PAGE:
5. Check vendor sites for coverage – most of the Antigen/Forefront AV vendors provide up-to-date information on the threats that they cover. You can find the latest threats and coverage at the Microsoft Malware Protection Center, for instance. As Microsoft polls all vendor sites constantly, you should expect Antigen/Forefront releases of any new vendor signature version within 30 minutes of a vendor release (after Microsoft has tested, repackaged and signed them for redistribution to you). Once a vendor has released a new definition for a virus, keep an eye on your Antigen/Forefront engine updates, as per point 1. You can also check for new updates immediately by using the ‘Update Now’ button in the Scanner Updates panel.
When comparing different vendor sites, note that each vendor will call a virus its own specific name. What Microsoft calls ‘Win32/Conficker.B’ for example, is also known as ‘Win32/Conficker.A’ (CA), ‘Mal/Conficker-A’ (Sophos), ‘Trojan.Win32.Agent.bccs’ (Kaspersky) and ‘W32.Downadup.B’ (Symantec).
Depending on the extent of the threat that you perceive, you may wish to run a Manual Scan on your Storage Groups (once you have corresponding updates in place), singling out 1 or 2 updated scan engines that now have definitions in place and can delete any instances of the virus. For more information on running a Manual Scan, please see the Antigen and Forefront User Guides.
6. Use filters - File, Subject Line and even Keyword Filters can be very effective in blocking viruses in the short-term (until definitions are available), particularly if you are facing a high number of infected mails/files entering your environment. File Filters are usually the easiest type to implement, but in the case that the virus attachment name varies significantly try using other filter types to home-in on the mail.
Please refer to the Antigen and Forefront User Guides for more information on filtering.
7. Check your local AV – Microsoft believes in a multi-layered approach to security (as do I!). Even though you have taken steps to stop the virus getting past Antigen, it’s also important to check that your local AV clients (AV product on each user’s PC, such as Forefront Client Security) are up-to-date and also provide coverage for the virus.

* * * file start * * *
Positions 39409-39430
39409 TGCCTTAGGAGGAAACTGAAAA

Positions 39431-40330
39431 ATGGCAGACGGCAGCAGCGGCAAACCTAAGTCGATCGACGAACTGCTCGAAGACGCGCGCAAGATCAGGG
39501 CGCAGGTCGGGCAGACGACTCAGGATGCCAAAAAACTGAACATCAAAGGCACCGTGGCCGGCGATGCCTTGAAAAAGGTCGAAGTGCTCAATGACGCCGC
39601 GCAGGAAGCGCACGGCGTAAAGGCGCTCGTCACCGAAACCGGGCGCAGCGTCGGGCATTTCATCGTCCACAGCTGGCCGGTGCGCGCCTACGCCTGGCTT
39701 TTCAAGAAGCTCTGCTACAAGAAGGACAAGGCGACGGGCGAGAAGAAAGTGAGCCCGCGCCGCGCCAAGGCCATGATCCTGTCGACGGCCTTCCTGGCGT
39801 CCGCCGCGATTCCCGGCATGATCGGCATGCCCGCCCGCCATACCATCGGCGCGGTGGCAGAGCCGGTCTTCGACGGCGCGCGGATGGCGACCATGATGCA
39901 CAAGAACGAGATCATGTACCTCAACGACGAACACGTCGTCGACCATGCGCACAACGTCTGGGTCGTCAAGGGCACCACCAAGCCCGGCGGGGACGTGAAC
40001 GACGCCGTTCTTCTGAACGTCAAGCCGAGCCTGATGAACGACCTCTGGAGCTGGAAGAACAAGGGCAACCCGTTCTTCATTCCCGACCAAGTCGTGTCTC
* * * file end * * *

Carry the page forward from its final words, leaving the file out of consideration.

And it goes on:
FAQ: “Antigen/Forefront detected a legitimate business file as a virus. How can I retrieve this file and prevent future detections of this nature?”
You might also find that a scan engine is detecting/deleting a file that you believe not to be infected. This is most common with a scan engine’s heuristic components that look for patterns in files to determine what is highly likely to be a virus. This is most useful before a pattern/definition has been released for a new virus. Occasionally heuristics (and other definitions) can pick up legitimate files as well and the scan engine may need some fine-tuning.
You would usually see false-positives detections only occurring with one specific scan engine at any one time. If multiple engines are detecting the file as a virus, the detection is most probably correct (it’s a virus!).
We recommend that you open a support case with CSS to report any suspected false positive. The support engineer will work with you to reproduce the detection and escalate the issue to the vendor(s) in question. The vendor then has the final call to correct their definition files as they see fit. If all goes well, you can expect a corrective engine update from Microsoft within a day or two.
To help with analysis and find you the quickest solution, please consider these points:
1. Do not open/execute the file
2. Record engine details
3. Submit the affected file
4. Consider disabling the engine
5. Command false-positives
1. Do not open/execute the file - ...unless you have good reason to believe that it is clean (you do this at your own risk!).
2. Record engine details – note the detecting engine and the engine details (Signature Version, Engine Version and Update Version). These are important details for your submission to Microsoft. Don’t forget to give us the virus name as well!